In May 2001, heavy flooding hit Lensk (population: 28,000), the fourth biggest city in the Sakha (Yakutia) Republic, the Russian Federation. Because the water level rose 12m, the city was underwater. It resulted in the damages of 4 billion rubles (about 7.1 billion yen) for the city and 7 billion rubles (about 11.1 billion yen) for the whole Sakha (Yakutia) Republic, which was equivalent to 21% of the annual budget of the country.

Figure 1: The seven major Arctic watersheds and river systems used for model evaluations in this study. Gray areas represent other remaining Arctic watersheds.

Figure 2: Time series of anomalous averaged river ice thickness derived from model simulated maximum ice thickness (top), freezing index (Oct-Apr, middle), and simulated winter mean snow depth (SND) (Jan-Mar, bottom) over the Arctic rivers. Annual anomalies of the variables represent differences from the 1979-2009 period means.
Decrease in river ice thickness seems to be affected by temperature rise, however, river ice thickness around 1990 and 2000 is negatively correlated with snow depth (SND), which suggests that snow cover influences time series changes of ice thickness.

Figure 3: Sensitivity of estimated maximum river-ice thickness to changes in overlying snowfall (SND, circles) and surface air temperature (SAT, squares) during October-March.
River ice thickness is more sensitive to snow cover changes than temperature.
The simulation condition was set based on fluctuation ranges of 3 degrees in temperature and 30% in snow cover. The change of ice-thickness for 10% increase/decrease of snow cover is equivalent to temperature change of 2 degrees. It means even a small changes of snow cover could give significant impacts on river ice thickness.

Figure 4: Time series of anomalous annual freezing index (top), snow depth (SND) from January-March (middle), and maximum river ice thickness (bottom) in Siberia (60-73°N, 90-135°E, left) and North America (60-73°N, 215-260°E, right) Rivers.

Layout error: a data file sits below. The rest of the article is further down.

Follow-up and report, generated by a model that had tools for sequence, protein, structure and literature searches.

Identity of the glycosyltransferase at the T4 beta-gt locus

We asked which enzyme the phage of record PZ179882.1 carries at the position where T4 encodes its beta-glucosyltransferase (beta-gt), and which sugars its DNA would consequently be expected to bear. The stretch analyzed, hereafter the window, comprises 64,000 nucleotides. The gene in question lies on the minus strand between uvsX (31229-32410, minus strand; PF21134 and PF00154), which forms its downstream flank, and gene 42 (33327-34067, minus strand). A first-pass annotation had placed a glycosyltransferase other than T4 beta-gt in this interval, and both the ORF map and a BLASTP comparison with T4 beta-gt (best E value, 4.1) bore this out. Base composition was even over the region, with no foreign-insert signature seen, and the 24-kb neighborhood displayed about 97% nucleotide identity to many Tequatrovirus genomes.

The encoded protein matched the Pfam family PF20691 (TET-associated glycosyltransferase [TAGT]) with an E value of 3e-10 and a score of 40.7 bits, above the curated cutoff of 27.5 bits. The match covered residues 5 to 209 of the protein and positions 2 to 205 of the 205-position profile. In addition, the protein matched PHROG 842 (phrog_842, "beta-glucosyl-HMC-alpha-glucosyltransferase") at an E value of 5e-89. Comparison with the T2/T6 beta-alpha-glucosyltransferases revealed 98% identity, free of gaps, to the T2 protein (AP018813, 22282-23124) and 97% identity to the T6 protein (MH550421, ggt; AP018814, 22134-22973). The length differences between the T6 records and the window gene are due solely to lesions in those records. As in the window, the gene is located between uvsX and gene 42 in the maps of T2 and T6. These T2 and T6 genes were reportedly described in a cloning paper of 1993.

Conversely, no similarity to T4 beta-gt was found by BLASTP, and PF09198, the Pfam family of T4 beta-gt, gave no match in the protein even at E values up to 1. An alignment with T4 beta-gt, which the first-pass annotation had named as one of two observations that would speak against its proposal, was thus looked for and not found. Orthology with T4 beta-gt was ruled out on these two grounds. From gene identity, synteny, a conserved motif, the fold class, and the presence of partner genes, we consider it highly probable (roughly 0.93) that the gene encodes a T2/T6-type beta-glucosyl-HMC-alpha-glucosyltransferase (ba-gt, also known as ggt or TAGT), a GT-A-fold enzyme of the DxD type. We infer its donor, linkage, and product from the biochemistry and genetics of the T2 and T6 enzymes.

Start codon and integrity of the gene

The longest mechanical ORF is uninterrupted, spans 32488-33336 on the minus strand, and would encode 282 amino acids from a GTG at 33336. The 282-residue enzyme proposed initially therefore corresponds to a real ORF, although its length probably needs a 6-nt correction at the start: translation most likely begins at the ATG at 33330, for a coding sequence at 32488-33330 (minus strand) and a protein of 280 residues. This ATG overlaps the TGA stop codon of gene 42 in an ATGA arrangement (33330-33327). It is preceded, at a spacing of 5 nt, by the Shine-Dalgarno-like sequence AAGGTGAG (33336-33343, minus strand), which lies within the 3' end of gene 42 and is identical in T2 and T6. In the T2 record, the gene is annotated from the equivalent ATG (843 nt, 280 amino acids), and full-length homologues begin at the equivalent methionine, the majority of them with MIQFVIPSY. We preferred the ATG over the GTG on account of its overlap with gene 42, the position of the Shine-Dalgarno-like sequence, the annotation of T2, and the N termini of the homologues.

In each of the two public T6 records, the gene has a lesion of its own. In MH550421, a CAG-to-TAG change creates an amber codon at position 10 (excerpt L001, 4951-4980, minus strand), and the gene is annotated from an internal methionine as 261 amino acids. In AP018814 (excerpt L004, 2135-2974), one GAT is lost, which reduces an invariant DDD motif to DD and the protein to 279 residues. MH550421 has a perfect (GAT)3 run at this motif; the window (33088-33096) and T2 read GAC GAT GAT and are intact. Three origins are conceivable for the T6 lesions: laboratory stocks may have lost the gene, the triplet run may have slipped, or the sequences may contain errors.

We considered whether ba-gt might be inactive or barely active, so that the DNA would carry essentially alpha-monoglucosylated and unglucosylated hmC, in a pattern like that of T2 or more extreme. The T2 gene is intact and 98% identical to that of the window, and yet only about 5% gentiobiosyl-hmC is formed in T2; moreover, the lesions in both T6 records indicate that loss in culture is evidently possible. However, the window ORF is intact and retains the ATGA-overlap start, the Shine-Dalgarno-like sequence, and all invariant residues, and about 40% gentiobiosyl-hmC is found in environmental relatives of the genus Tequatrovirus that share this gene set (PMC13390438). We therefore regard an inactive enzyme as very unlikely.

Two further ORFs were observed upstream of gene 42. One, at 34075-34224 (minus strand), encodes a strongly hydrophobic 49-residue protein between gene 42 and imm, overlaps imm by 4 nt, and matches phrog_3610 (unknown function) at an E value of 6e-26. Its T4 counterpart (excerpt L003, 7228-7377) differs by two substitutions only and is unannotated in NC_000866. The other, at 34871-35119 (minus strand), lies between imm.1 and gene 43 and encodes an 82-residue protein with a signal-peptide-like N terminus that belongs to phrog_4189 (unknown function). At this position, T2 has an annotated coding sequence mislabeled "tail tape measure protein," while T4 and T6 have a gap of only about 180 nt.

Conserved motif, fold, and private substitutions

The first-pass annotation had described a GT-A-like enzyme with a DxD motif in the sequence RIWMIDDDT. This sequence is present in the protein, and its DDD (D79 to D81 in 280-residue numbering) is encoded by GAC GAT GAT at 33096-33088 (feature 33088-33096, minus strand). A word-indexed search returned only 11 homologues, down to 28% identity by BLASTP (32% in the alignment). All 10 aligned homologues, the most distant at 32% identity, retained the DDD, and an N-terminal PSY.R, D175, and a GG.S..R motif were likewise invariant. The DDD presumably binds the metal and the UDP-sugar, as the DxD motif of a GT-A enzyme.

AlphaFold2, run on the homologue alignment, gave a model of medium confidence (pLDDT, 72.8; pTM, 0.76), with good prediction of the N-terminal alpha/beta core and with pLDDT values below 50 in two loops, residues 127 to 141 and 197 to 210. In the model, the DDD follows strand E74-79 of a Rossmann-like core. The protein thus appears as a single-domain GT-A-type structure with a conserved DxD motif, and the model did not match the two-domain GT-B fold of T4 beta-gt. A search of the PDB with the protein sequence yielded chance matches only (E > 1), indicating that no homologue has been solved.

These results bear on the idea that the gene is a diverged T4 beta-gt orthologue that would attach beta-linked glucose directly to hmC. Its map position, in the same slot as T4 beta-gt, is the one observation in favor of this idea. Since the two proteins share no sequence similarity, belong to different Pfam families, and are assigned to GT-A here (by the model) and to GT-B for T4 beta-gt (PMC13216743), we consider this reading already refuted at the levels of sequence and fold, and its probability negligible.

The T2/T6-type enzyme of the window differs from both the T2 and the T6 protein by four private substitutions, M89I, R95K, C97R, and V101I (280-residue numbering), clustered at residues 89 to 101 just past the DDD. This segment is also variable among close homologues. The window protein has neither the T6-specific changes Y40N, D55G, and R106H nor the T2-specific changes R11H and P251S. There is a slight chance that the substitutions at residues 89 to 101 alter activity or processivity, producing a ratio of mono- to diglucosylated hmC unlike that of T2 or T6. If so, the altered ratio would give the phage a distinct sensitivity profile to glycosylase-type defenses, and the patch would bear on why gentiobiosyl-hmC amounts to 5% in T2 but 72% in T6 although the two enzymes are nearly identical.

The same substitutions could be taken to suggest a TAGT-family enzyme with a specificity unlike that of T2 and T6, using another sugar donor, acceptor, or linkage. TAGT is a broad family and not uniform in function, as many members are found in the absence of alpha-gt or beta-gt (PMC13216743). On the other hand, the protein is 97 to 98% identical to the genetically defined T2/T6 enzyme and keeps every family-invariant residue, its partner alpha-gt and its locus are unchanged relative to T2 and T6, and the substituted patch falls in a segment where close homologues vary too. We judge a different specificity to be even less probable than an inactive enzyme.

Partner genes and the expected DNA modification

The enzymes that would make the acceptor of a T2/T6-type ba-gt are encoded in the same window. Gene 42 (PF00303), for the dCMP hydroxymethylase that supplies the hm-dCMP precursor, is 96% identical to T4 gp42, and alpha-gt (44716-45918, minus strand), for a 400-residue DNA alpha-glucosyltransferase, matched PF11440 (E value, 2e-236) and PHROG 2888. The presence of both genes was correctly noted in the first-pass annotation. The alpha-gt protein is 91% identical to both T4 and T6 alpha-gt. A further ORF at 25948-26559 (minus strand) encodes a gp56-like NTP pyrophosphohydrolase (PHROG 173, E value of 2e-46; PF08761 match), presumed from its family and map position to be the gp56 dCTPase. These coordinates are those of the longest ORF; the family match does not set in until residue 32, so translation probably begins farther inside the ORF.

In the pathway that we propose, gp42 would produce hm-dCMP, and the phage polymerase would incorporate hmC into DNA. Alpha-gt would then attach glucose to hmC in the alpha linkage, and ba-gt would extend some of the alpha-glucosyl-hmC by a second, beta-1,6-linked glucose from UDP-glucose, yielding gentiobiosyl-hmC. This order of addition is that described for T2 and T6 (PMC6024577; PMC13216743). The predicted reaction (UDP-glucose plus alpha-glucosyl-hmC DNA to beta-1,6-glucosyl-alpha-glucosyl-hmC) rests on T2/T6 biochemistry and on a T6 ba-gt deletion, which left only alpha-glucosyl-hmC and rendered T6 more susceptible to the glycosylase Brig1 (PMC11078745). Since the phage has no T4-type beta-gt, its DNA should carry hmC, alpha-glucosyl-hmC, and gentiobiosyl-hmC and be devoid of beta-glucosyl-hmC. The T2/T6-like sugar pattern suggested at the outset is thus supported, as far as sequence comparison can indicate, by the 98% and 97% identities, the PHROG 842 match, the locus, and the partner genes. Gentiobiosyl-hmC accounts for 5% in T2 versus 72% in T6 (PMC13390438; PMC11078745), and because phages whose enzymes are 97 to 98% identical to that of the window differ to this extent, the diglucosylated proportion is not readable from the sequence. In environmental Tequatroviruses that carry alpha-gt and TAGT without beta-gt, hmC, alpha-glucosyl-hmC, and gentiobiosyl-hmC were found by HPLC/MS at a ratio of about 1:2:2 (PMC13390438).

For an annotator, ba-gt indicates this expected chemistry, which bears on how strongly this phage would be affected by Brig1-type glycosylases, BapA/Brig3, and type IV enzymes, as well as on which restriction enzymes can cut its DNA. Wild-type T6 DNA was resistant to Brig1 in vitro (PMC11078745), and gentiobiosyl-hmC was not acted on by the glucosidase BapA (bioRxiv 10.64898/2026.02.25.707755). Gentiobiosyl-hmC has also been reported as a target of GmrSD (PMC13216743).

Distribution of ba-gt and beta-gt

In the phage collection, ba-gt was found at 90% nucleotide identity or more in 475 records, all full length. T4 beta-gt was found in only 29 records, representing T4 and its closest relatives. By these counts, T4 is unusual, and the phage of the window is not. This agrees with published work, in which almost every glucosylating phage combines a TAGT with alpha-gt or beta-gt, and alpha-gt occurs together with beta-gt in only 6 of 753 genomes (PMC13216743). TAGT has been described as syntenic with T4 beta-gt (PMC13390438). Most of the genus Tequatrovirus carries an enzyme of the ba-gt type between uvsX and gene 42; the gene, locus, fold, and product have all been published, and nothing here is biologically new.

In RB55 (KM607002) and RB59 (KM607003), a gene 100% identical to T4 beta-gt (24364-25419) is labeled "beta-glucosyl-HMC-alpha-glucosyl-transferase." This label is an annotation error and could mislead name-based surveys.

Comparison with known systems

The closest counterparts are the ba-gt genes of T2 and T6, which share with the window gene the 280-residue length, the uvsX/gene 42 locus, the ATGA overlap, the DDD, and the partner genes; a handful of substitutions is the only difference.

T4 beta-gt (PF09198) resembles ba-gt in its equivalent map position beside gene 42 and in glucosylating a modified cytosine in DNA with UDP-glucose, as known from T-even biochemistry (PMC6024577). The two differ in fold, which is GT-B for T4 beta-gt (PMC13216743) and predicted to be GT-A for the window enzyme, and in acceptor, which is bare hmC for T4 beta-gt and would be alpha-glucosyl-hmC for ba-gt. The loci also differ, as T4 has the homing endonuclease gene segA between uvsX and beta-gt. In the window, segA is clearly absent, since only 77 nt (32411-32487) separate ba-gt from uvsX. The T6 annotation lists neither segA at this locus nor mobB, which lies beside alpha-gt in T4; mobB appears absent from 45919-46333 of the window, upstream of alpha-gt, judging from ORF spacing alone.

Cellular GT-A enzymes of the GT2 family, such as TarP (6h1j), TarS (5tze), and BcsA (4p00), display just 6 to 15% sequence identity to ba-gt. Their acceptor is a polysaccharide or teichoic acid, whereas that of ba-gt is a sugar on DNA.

The annual values of snow depth (SND) and maximum ice thickness represent model simulations. In the figures, the light gray lines denote annual values; black lines denote three-year-averages, and black dotted lines represent trends for the 1979-2009 simulation record.
Snow depth (SND) tends to be increasing in both areas, while river ice in North America is thicker than that in Siberia. Decrease of river ice thickness in Siberia is influenced by higher insulation of deeper snow depth.

Figure 5: Time series of anomalous ice breakup date (top), freezeup date(middle), and ice-free duration in the Arctic rivers. Annual anomalies for freezing index and snow depth represent differences from the 1979-2009 period means. Dotted lines represent the long-term trend over the 1979-2009 record. River ice breakup is becoming earlier in the most part of the Arctic region, while ice freezeup is delayed, consequently shortening river ice duration.

Figure 6: Trend of period without river ice formation between 1979 and 2009 calculated by the land surface model. In most areas excluding some in North America, the river ice duration is shortening, of which trend is significantly prominent in West Siberia.

Figure 7: Results of sensitivity experiments using land surface model for ice breakup date in Siberia (shown in black) and North America (shown in gray) by changing temperature (SAT) during winter (October-March) and spring (April-May), and snow fall (SND) conditions.
In particular, spring temperature changes significantly affect ice breakup. If spring temperature is lower, ice breakup delays by five days. On the contrary, higher spring temperature results in earlier ice breakup by six days (shown in dark blues). These changes are more prominent in Siberia than North America. On the other hand, if the temperature condition in spring remains the same, increase/decrease in snow depth (SND) does not largely affect ice breakup (as shown in green). These results revealed that spring temperature is a major factor affecting ice breakup period.


(For this study)
Hotaek Park, Senior Scientist, Arctic Ocean and Climate System Research Unit, Institute of Arctic Climate and Environment Research
(For press release)
Hiroyasu Matsui, Press Division, Public Relations Department